PH was milled to 40–60 mesh size and dried at 40 °C on oven before pretreatment. H2O2 and H3PO4 were purchased from Sinopharm Chemical Reagent Co., Ltd (Shanghai, China). All enzymes (cellulase, β-glucosidase, and xylanase) were obtained from Sigma (USA). The engineered strain YJM 25 (E. coli BL21™ (DE3)/pYJM21, pYJM14) was provided by Yang .
PH was pretreated using the pretreating solution (mixture of H3PO4 and H2O2). As shown below, three kinds of pretreating conditions were carried out step by step with 10% (w/v) solid loading: reaction times (30, 60, 90, and 120 min), ratios of H3PO4 to H2O2 (1:9, 2:8, 3:7, 4:6, and 5:5), and temperatures (10 °C gradient was set from 50–110 °C). After pretreatment, the remained PH was collected by filtration and dried completely at 40 °C for 24 h. The pretreated PH was stored at – 20 °C.
Chemical composition analysis
Cellulose, hemicellulose, and lignin were analyzed with NREL Laboratory Analytical Procedure (LAP) . 300 mg sample was mixed into 3 mL of 72% (w/w) sulfuric acid at 30 °C for 60 min. Then, the sulfuric acid was diluted to 4% by adding 84 mL deionized water. The mixture was incubated at 121 °C for 60 min. Then the mixture was cooled to room temperature. And the residue was removed by filtration and the supernatant was collected and determined by HPLC to measure the monomeric sugar content including glucose, xylose, arabinose, galactose, and mannose. The concentration of cellulose and hemicellulose was calculated according to the monomeric sugar content. Besides, the acid soluble lignin (ASL) content in the liquid was detected using UV–visible spectrophotometer. The residue was used to determine acid-insoluble lignin (AIL) content with muffle furnace at 575 ± 25 °C for 24 ± 6 h.
Cellulase from Trichoderma reesei ATCC 26921 (C8546, Sigma-Aldrich Corporation, St. Louis, MO, USA), β-glucosidase from almonds (49290, Sigma-Aldrich Corporation, St. Louis, MO, USA), and xylanase from Trichoderma longibrachiatum (X2629, Sigma-Aldrich) were used to hydrolyze raw and pretreated PH. Cellulase activity was represented with Filter paper unit (FPU/mL) and was measured using dinitrosalicylic acid reagent . The activities of cellulase and β-glucosidase used in this study were 0.538 FPU/mg and 6 U/mg, respectively. Xylanase activity was defined as the amount of enzyme that produced 1 μmol of reducing sugar per 30 min, and Choi et al. have detected the activity of xylanase at 2.65 international units IU/mg [66, 67].
The PHs as 1% (w/v) substrate were treated in 50 mM sodium citrate buffer (pH 4.8) supplemented with 0.01% (w/v) sodium azide. The enzymes, cellulase, β-glucosidase, and xylanase, were loaded with 8 FPU/g, 12 U/g, and 300 IU/g of PH, respectively. All samples were completely suspended in rotary shaker at 200 rpm, 37 °C for 48 h. All enzymatic hydrolysis experiments were performed in triplicate. The concentration of reducing sugar was detected using dinitrosalicylic acid reagent . The glucose concentration was determined using HPLC.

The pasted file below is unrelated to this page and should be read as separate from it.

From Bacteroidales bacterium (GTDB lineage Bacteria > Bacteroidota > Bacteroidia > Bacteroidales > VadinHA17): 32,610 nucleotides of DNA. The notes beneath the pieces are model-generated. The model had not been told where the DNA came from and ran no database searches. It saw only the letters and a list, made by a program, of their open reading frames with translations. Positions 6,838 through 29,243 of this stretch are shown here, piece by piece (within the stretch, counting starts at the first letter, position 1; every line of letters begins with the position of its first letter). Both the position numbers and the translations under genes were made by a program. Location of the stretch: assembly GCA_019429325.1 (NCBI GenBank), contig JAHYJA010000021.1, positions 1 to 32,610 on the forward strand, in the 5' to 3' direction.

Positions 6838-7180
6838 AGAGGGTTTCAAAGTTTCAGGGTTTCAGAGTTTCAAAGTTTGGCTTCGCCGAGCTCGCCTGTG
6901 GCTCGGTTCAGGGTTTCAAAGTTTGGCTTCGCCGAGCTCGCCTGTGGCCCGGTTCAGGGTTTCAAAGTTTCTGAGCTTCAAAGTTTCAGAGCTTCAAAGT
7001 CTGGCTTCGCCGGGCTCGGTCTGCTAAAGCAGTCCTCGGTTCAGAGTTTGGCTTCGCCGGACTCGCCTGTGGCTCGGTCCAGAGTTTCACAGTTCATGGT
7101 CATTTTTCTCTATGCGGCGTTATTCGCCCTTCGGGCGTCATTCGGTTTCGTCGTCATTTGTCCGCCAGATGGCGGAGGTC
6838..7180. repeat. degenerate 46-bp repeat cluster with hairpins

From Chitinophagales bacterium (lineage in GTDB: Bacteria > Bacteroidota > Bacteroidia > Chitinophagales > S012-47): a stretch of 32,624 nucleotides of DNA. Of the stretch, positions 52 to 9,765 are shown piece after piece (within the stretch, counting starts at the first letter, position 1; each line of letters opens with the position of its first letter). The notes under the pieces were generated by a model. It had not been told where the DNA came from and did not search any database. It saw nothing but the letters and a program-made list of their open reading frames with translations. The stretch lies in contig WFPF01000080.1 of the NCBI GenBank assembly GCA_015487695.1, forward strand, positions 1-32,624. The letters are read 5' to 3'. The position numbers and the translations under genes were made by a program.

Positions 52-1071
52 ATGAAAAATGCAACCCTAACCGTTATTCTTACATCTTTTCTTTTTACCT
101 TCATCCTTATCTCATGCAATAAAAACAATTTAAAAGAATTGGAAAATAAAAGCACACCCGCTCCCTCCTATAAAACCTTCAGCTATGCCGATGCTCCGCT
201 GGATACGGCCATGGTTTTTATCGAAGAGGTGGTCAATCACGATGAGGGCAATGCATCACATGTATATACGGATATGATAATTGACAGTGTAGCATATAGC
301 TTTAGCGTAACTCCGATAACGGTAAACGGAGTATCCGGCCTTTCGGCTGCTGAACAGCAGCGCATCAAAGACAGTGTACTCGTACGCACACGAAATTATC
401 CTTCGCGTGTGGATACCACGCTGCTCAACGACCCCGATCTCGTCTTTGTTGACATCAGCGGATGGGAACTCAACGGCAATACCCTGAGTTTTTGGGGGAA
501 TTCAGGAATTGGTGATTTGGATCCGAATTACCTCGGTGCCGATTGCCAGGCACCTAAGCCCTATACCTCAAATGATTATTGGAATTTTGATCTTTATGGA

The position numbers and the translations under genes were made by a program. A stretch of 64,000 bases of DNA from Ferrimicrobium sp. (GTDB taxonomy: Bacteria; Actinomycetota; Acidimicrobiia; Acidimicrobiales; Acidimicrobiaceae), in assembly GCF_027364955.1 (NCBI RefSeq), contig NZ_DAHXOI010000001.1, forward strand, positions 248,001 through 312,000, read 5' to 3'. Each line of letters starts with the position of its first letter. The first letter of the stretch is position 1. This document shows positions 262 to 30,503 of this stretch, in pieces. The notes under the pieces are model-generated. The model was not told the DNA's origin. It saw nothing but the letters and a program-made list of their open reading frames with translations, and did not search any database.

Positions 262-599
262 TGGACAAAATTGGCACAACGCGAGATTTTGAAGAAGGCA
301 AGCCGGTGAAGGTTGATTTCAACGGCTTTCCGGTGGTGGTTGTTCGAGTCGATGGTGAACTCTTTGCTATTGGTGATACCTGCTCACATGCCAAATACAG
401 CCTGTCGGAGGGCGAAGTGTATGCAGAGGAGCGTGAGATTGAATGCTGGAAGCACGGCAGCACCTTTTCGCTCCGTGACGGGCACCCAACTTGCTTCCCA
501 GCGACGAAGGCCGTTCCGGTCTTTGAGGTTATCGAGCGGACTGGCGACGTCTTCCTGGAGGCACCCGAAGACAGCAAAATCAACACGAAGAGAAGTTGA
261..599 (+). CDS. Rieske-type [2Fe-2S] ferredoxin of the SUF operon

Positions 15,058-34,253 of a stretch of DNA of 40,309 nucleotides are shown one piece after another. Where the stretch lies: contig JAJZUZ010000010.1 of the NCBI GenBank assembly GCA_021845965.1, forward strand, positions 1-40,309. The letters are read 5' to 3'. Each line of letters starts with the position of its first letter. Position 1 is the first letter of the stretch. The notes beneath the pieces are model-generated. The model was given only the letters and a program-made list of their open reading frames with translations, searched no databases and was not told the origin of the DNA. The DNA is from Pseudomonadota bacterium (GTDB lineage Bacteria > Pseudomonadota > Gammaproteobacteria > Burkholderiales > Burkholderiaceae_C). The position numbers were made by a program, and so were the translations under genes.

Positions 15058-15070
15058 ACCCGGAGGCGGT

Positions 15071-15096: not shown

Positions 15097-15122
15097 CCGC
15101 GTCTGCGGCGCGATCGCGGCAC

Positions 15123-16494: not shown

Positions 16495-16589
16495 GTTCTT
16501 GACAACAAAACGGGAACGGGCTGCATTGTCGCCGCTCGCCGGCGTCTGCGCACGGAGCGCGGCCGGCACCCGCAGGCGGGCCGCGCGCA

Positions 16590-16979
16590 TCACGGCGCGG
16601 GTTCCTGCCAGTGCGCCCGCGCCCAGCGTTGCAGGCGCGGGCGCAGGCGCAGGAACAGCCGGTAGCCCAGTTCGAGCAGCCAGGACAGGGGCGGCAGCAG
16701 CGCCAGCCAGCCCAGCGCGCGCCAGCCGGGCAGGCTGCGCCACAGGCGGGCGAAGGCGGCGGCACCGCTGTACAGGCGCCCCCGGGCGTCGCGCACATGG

Scanning election microscopy (SEM) analysis
The images of surface structure for raw and pretreated PH were obtained by scanning election microscopy (SEM; JSM-7500F, JEOL, Japan) at a beam voltage of 4 kV after the materials were dried completely at 50 °C for 24 h and coated by gold sputter (20 nm).
Solid-state CP/MAS 13CNMR analysis
The powdered PH was analyzed with Bruker Avance III HD 500 MHz NMR Spectrometer at ambient temperature. CryoProbe™ Prodigy was used for 13C that employed both cross-polarization and magic angle spinning. 4 mm rotor was used in this detection. Acquisition time was 0.027 s, delay time was 5 s, and the proton 90° pulse time was 3.7 μs and 1024 scans for each sample. Mestrenova software was used to analyze the results.
SDS-PAGE analysis of cellulase adsorption on PH
PH sample was incubated in 10 mL of 50 mM pre-chilled citrate buffer (PH 4.8) with 1% (w/v) loading at 4 °C, 150 rpm for 1 h. The solid PH was collected after centrifugation at 4 °C for 10 min, and then was washed three times with pre-chilled citrated buffer to get rid of the citrated buffer containing extra cellulase completely. Two kinds of PH were transferred into centrifuge tube including 400 μL of 2 × loading buffer (0.5 mL of 1 M Tris–HCl, 0.2 mg of SDS, 10 mg of bromophenol blue, 1 mL of glycerin, 0.1 mL of β-mercaptoethanol, and 3.4 mL deionized water), and then incubated in boiling water bath for 10 min. The supernatant was collected after centrifugation, and the proteins were separated using 4–12% SDS-PAGE and monitored with Coomassie brilliant blue R250 .
Glucose and inhibitors (formic acid, acetic acid, levulinic acid, furfural, and 5-HMF) were detected by (HPLC, Agilent 1200, USA) equipped with a refractive index (RID) detector. Bio-Rad Aminex HPX-87H column (7.8 mm × 300 mm, 9 µm) was used for glucose determination at 55 °C. A final 5 mmol/L of H2SO4 was used as the mobile phase at a flow rate of 0.5 mL/min. Formic acid, acetic acid, and levulinic acid were determined with AS11HC column which eluted with 80% (v/v) water and 20% (v/v) of a mixture containing 0.4 mM NaOH and methanol (50% v/v) at a flow rate of 1.4 mL/min.
The concentrations of furfural and 5-HMF were determined with C-18 column (Nucleosil 100-5 C18, Merck, Darmstadt, Germany) with a gradient of 5–100% (v/v) methanol and 0.025% (v/v) of trifluoroacetic acid at a flow rate of 0.8 mL/min. Glucose and inhibitors were identified according to the retention time of standard samples and the concentration was calculated with peak area based on a standard curve.